Let us first look at your suggestions. I am afraid the answer to your question: “Am I off by miles?” is yes. You are on the right path with the three words mors, malus and memoria but beyond that, frankly, the sentences look like a leisurely but somewhat ...
Ex diariis is correct, although diarium usually means "daily ration/allowance" and seems to have been used in the sense of a "diary" only rarely.
A more classical expression for "diary, journal" may be commentarii diurni (daily notebook), so you could say: ex commentariis diurnis (or diurnis commentariis, whichever you prefer).
Your translation is actually almost perfect. The only small issue is that autem "however" never stands first in its clause; it would be better replaced with sed or at, both of which mean "but".
The reason there are two infinitives in a row is that one way of expressing a negative command is noli plus infinitive, and in this case that ...
Picking up the brush for a first sketch.
Sunt nomina verba vana volatiliaque.
An immediate association I had when reading the question was with the first words spoken by Jorge of Burgos in Umberto Eco's "The Name of the Rose": Verba vana aut risui apta non loqui. They come from the Regula Benedicti, capitula IV - Quae sunt instrumenta bonorum ...
I'm not aware of an existing Latin idiom with the same meaning, so I'll translate instead.
The offered translation is nonsense; it has a cow, a shop, and China (the country!) but the syntax makes no sense.
Let me start with vocabulary:
The typical word for a bull is bos.
Figlina means a potter's workshop or a pottery.
See L&S for more meanings; this is ...
To remove potential ambiguities you could try:
"numquam memoria excides." =
(literally) "You will never fall out of memory." = "You will never be forgotten."
Alternatively, using the infinitive of "excido":
"numquam memoria excidere." =
"Never to be forgotten."
(An active verb translated passively.)
It helps that differential calculus was invented at a time when mathematical works were still regularly published in Latin. From Leonhard Euler's Institutiones Calculi Differentialis (1755), caput IV, p. 115 (PDF):
Ex voce autem differentialis, qua differentia infinite parua denotatur, alia nomina deriuantur, quae vsu sunt recepta. Sic verbum habetur ...
'Remembered' is a past particle. One way to translate 'to remember' is 'memorare'. I would go with a particle perfect passive, as it is a person who is being remembered, but I'm not really sure about this. Maybe someone else can give a better alternative for the verb form.
So the translation would then be:
If you want to indicate that a differing opinion or a criticism is not intended as a personal attack (which is what I interpret the phrase “with all due respect” to mean), a common phrase is:
bona venia tua dixerim
I'd like to say with your gracious permission
Likewise you can also say:
pace tua dixerim
I'd like to say without disturbing your peace
The ut follows ea lege:
ea lege, ut …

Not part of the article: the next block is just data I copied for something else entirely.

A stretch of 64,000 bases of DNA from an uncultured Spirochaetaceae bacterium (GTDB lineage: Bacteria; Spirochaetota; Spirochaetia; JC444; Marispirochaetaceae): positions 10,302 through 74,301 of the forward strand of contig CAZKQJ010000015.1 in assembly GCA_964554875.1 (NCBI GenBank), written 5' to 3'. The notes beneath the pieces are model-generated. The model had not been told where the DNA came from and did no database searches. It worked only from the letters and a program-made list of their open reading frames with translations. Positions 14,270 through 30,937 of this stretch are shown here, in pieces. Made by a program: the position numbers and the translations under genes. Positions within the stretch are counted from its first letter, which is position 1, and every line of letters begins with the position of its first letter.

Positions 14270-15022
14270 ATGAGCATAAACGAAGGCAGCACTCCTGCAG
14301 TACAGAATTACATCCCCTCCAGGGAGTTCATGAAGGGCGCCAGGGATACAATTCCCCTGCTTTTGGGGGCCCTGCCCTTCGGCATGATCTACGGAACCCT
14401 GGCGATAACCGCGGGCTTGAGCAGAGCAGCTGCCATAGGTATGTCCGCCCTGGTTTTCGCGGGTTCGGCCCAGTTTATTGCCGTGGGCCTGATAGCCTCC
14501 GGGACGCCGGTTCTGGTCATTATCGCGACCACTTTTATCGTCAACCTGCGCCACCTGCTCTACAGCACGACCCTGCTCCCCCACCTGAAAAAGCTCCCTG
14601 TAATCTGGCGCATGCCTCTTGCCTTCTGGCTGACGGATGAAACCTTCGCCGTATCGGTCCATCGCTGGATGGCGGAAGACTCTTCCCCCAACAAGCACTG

under the condition that …
The key is to question what ea lege is doing in that sentence, especially since there is no context talking about some legislation or other. Lex can occasionally be used with ut + subjunctive (e.g. lex erat apud Romanos, ut …, the Romans had a law stipulating that …). So an overly literal ...
In this case ita and ut are unrelated.
There is a construction ita…ut, but it is not used here.
You can drop the intensifier "so" or ita and the sentence works equally well.
(The emphasis is good to have, but not strictly necessary.)
The suggestion from the book is unnecessarily complicated.
One might even argue that it has two elements reversed by ...
Your translation makes perfect sense, and it captures the English meaning very well.
I would perhaps use the phrase "in perpetua" instead of semper. It has a "into forever" idea rather than an "always" idea. That being said, I have read a poem that ended "Semper, frater, ave atque vale" where semper was used in a ...
The English phrase was popularised by Foxe's Book of Martyrs, sp. John Bradford. The Latin is good, perhaps a little ponderous, except that 'sine' is probably a typo for 'sinon.'
"Huc et illuc," Hither and thither, used by Cicero. Illuc In that diection.
Sinon Dei gratia, If not for the Grace of God.
Vadam could be a future indicative "I shall ...
Not so much a complete answer, but several points to consider.
I think the word perfectus usually has the connotation of something completed/finished/done, and somewhat less in the sense of whole/pure/without-blemish; For the latter sense the adjective integer is perhaps closer. I didn't find a good one-word-match for imperfect (corruptus sounds too strong ...
I would suggest vas, -is, which has the somewhat unusual plural vasa, -orum.
The first thing I thought of when I heard the word "vessel" was II Corinthians 4:7. Here, St. Paul speaks of how an immaterial gift ("the light of the knowledge of God's glory") is received in our fragile bodies:
But we have this treasure in earthen vessels, ...